To investigate the role of XIAP in regulating radioresistance of pancreatic carcinoma, we used two distinct approaches to target XIAP: first, we knocked down XIAP expression by RNA-interference (RNAi) and second, we overexpressed full-length Smac. Infection of PaTuII pancreatic carcinoma cells with the retroviral vector containing XIAP short hairpin RNA (shRNA) resulted in marked downregulation of XIAP protein compared to nonsense shRNA in different clones (Figure 1a). To monitor potential off-target effects of shRNA, we also assessed expression of other IAP proteins. No detectable alterations in Smac, cIAP1, cIAP2, survivin or livin expression were observed in PaTuII pancreatic carcinoma cells stably expressing XIAP shRNA (Figure 1a), demonstrating that stable suppression of XIAP by shRNA did not result in suppression or compensatory upregulation of other IAP members or Smac. Reh B-precursor cell leukemia cells were used as positive control for livin expression (Figure 1a). Importantly, knockdown of XIAP significantly increased γ-irradiation-induced apoptosis of PaTuII pancreatic carcinoma cells in a dose- and time-dependent manner compared to cells harboring nonsense shRNA as assessed by the analysis of DNA fragmentation (Figure 2a and Supplementary Figure 1 for kinetic analysis). Since sensitization for γ-irradiation-induced apoptosis was observed in several individual clones of PaTuII pancreatic carcinoma cells, in which XIAP was knocked down by shRNA (Figure 2a), it is unlikely that the sensitization for γ-irradiation-induced apoptosis provided by XIAP downregulation was simply the result of clonal selection.
In the second approach to antagonize XIAP, PaTuII pancreatic carcinoma cells were engineered to overexpress full-length Smac, which localizes to mitochondria as determined by fluorescence microscopy, or empty vector as control (Figure 1b and data not shown for fluorescence microscopy). No detectable changes in XIAP, cIAP1, cIAP2, survivin or livin levels were found in clones overexpressing Smac compared to empty vector control (Figure 1b). In addition, control experiments showed that transduction of PaTuII pancreatic carcinoma cells with the corresponding control vectors, that is, nonsense shRNA (control for XIAP shRNA) or Neo vector (control for Smac-containing vector), had no detectable effect on expression levels of XIAP or Smac compared to parental PaTuII pancreatic carcinoma cells (Supplementary Figure 2). Notably, overexpression of Smac significantly enhanced γ-irradiation-induced apoptosis compared to empty vector control cells (Figure 2b). Since we observed a significant increase in γ-irradiation-induced apoptosis in different clones overexpressing Smac (Figure 2b), this sensitization provided by Smac is unlikely to be due to clonal selection. Notably, knockdown of XIAP by shRNA or overexpression of Smac alone without concomitant γ-irradiation had no effect on spontaneous apoptosis of PaTuII pancreatic carcinoma cells (Figure 2). This is in line with results reported by our group and other investigators that silencing of XIAP or overexpression of Smac did not trigger apoptosis in the absence of an additional apoptotic stimulus in many cancer cells including pancreatic carcinoma (Holcik et al., 2000; Guo et al., 2002; Fulda et al., 2002; Cummins et al., 2004; Giagkousiklidis et al., 2005; Vogler et al., 2005, 2007). Together, these findings demonstrate that targeting XIAP either by shRNA-mediated knockdown of XIAP or by overexpression of Smac markedly enhanced γ-irradiation-induced apoptosis of PaTuII pancreatic carcinoma cells. For further experiments, we selected clone 12 of PaTuII pancreatic carcinoma cells, in which XIAP was knocked down by shRNA, and clone 2 of PaTuII pancreatic carcinoma cells overexpressing Smac.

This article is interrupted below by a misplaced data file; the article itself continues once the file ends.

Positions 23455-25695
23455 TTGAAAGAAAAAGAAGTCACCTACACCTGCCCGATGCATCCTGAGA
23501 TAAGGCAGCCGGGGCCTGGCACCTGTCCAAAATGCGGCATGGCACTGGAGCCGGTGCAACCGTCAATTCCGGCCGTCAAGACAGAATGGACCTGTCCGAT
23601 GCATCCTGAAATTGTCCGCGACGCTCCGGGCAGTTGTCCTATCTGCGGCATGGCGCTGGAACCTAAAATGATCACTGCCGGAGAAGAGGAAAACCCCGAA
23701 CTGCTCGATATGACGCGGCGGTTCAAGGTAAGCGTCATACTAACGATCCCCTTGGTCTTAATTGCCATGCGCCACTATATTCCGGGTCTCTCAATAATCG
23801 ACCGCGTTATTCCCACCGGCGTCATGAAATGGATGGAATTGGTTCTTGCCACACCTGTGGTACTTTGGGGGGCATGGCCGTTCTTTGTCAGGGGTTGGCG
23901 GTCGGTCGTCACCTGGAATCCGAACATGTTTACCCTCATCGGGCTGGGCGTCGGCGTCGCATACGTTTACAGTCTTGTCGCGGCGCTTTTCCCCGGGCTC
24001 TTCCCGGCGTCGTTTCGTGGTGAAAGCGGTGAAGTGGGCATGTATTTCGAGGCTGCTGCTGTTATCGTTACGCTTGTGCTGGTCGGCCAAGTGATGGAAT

To double confirm the sensitization effect of XIAP antagonism for γ-irradiation-induced apoptosis, we used annexin-V staining as a second method to determine apoptotic cell death (van Engeland et al., 1998). Downregulation of XIAP by shRNA significantly enhanced γ-irradiation-induced exposure of phosphatidylserine on the plasma membrane compared to nonsense shRNA, as shown by the increase in annexin-V positive cells (Figure 2c). Similarly, overexpression of Smac significantly increased the number of annexin-V positive PaTuII pancreatic carcinoma cells in response to γ-irradiation compared to vector control cells (Figure 2d).
Next, we explored whether targeting XIAP also has an effect on long-term survival of pancreatic carcinoma cells by performing clonogenic assays. Importantly, shRNA-mediated silencing of XIAP significantly reduced clonogenic growth of PaTuII pancreatic carcinoma cells upon γ-irradiation compared to control cells with nonsense shRNA (Figure 2e). Similarly, ectopic expression of Smac cooperated with γ-irradiation to suppress clonogenic survival of PaTuII pancreatic carcinoma cells compared to empty vector controls (Figure 2f). Together, these results demonstrate that targeting XIAP by shRNA-mediated knockdown of XIAP or overexpression of Smac sensitized PaTuII pancreatic carcinoma cells for γ-irradiation-induced apoptosis and loss of clonogenic survival.
XIAP targeting and γ-irradiation cooperate to trigger the mitochondrial pathway